Personally, I think that Dumars will probably shop his young guard in an effort to bring in some front court size.
Speaking of the front court, Jason Maxiell finally started getting some meaningful playing time this season, and responded with some solid numbers.
However, nobody believes that Maxiell at center is a recipe for victories. More than likely, he will return to the bench next season but he has earned the respect of his coaching staff.
Lastly, first year coach John Kuester showed some potential as well. While the first half of the season he appeared to be the second coming of Flip Saunders due to his laid back style (not to mention his lack of accountability), he closed out the season by finally holding players accountable for their lack of effort, and probably won some much needed respect in the locker room.
Sure it was an uneven performance, but he finished strong and his team never quit on him despite the record. That is a testament to the coach, as well as the professionalism of most of his players.
Rip Hamilton had the most miserable season of his career. He still got his points (18 ppg), but his shooting percentage was terrible (40 percent) and his three point shooting was atrocious (less than 30 percent).
Sure the injury bug bit him hard, but he struggled to co-exist with Ben Gordon and he also had difficulty playing alongside Stuckey.
Look for Hamilton to bounce back, but it might not be in a Pistons jersey.
Aside from a late season revival, Tayshaun Prince struggled mightily this season. For the first time in his career he spent time on the injury report, ending his impressive games played streak.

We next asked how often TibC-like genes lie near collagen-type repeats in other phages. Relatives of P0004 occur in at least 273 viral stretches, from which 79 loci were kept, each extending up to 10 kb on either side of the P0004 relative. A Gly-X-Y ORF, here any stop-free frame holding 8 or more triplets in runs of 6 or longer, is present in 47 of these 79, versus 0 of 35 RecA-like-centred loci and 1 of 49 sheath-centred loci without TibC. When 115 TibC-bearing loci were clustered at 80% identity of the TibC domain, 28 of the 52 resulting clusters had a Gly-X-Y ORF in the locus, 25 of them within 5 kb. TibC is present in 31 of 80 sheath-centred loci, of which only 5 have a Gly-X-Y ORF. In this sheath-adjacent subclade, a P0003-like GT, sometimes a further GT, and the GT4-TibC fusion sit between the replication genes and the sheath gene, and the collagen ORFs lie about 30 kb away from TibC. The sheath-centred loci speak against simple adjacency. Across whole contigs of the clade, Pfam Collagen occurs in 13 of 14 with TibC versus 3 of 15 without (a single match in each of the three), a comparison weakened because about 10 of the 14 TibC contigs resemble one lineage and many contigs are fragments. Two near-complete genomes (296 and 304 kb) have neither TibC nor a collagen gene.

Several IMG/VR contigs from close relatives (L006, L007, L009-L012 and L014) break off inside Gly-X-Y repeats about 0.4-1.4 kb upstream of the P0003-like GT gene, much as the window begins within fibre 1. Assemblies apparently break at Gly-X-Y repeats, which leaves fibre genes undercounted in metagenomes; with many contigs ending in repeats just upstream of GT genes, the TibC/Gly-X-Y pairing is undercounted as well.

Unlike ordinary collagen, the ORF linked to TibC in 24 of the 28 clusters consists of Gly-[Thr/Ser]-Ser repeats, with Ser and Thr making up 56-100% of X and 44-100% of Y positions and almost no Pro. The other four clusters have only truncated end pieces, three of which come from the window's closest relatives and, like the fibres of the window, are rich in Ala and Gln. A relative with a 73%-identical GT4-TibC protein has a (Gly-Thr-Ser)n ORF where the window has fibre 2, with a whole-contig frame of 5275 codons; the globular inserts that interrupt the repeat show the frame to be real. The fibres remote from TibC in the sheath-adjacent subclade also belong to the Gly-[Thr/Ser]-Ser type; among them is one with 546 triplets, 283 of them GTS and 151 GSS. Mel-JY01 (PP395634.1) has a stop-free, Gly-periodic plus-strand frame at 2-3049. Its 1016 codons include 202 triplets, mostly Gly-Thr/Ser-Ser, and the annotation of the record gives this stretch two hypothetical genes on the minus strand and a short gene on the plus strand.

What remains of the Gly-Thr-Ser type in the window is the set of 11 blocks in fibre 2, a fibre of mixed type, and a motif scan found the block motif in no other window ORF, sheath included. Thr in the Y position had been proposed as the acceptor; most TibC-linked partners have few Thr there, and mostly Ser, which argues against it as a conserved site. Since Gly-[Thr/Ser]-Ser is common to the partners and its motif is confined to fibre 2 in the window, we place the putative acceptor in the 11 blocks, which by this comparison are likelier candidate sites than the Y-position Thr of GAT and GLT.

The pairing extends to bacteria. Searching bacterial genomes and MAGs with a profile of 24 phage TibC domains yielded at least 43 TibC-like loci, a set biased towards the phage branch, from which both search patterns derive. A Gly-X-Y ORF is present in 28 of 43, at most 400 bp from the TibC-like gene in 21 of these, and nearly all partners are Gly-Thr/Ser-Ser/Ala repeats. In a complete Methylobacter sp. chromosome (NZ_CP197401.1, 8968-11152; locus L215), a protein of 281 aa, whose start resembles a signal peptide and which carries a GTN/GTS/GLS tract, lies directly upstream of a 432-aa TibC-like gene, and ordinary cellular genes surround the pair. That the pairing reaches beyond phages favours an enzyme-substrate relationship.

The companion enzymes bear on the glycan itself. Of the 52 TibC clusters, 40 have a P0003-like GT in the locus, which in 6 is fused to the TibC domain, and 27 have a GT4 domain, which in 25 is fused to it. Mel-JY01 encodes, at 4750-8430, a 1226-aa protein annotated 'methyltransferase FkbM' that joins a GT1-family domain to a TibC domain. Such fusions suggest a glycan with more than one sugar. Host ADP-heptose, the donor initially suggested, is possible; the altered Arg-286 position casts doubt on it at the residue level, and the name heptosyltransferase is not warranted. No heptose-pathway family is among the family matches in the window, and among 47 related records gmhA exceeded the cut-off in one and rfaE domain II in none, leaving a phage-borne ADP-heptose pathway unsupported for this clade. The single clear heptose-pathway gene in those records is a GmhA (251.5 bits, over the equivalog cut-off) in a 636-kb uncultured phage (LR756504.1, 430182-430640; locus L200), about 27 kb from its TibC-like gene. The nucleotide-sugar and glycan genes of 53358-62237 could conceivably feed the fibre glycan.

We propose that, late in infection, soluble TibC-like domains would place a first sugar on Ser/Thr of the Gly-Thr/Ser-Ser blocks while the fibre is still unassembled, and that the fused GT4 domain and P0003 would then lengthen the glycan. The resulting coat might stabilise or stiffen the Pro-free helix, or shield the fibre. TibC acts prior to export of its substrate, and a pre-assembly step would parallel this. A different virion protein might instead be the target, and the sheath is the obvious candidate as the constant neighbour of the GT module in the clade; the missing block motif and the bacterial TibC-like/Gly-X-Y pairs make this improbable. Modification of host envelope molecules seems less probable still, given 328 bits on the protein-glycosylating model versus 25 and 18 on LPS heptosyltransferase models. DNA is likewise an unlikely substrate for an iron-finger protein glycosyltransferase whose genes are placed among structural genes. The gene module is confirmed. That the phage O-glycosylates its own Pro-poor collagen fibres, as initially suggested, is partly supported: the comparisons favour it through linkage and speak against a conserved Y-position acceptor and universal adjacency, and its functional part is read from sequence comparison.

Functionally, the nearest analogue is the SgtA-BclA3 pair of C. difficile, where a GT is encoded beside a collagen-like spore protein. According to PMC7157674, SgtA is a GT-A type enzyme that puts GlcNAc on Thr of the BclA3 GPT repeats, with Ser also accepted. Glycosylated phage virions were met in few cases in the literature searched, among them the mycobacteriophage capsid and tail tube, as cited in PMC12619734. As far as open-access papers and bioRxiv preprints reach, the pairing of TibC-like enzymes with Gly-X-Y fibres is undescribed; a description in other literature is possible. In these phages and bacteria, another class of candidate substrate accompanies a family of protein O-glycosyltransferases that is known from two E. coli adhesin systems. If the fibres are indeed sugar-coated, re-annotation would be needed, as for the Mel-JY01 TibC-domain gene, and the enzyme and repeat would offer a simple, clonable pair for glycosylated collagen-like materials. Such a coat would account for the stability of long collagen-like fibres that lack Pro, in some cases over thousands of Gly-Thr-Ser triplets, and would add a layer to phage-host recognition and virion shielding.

At the end of the year Prince showed some real scoring zeal, but it would be shocking if he finished next season with Detroit due to his expiring contract.
Where to begin?
The free agent signings of Charlie Villanueva and Ben Gordon, odd as they seemed at the time, were an unmitigated disaster.
Gordon struggled early and often with his shot, and battled injuries throughout the year. He was unable to play with Hamilton due to the fact that they are essentially the same type of player, and he also found it hard to play alongside Stuckey.
The only time he appeared to play well was when he was paired with Will Bynum, a luxury he will probably not have moving forward.
Most people agree that Gordon's season was a fluke and he should bounce back.
But Villanueva is a different story entirely. Charlie will never be given the nickname "hustle" around Detroit.
From day one he appeared to take on too much of former Piston Rasheed Wallace's game, preferring to camp out on the perimeter on offense. But while Wallace was generally considered a good defender, Villanueva decided to skip that part of the game, preferring instead to update his Twitter account.
Villanueva was a train wreck set to music...not jazz or hip hop, mind you. Instead, it was like the music Stewie makes on "Family Guy" when he follows a fat guy with a tuba. Quite simply, it was ugly to watch.
At the very end of the season Villanueva was finally held accountable for his nonchalant behavior, and responded with some good games.
While his contract appears to be an albatross hanging around Dumars' neck, he could still prove valuable if paired with the right talent around him.
The rest of the front court was equally bad, with Kwame Brown and Chris Wilcox battling for the title of "biggest lottery pick flop despite having impressive NBA physiques" with no clear winner.
If there is any justice in this world, Brown will not be re-signed. However, Wilcox has a player option that he would have to be high not to exercise.
The bottom line is that this team, due to injuries and unsteady play, underperformed this season in a drastic way. They are on the bottom of the NBA food chain.
How long they stay there will be up to Dumars.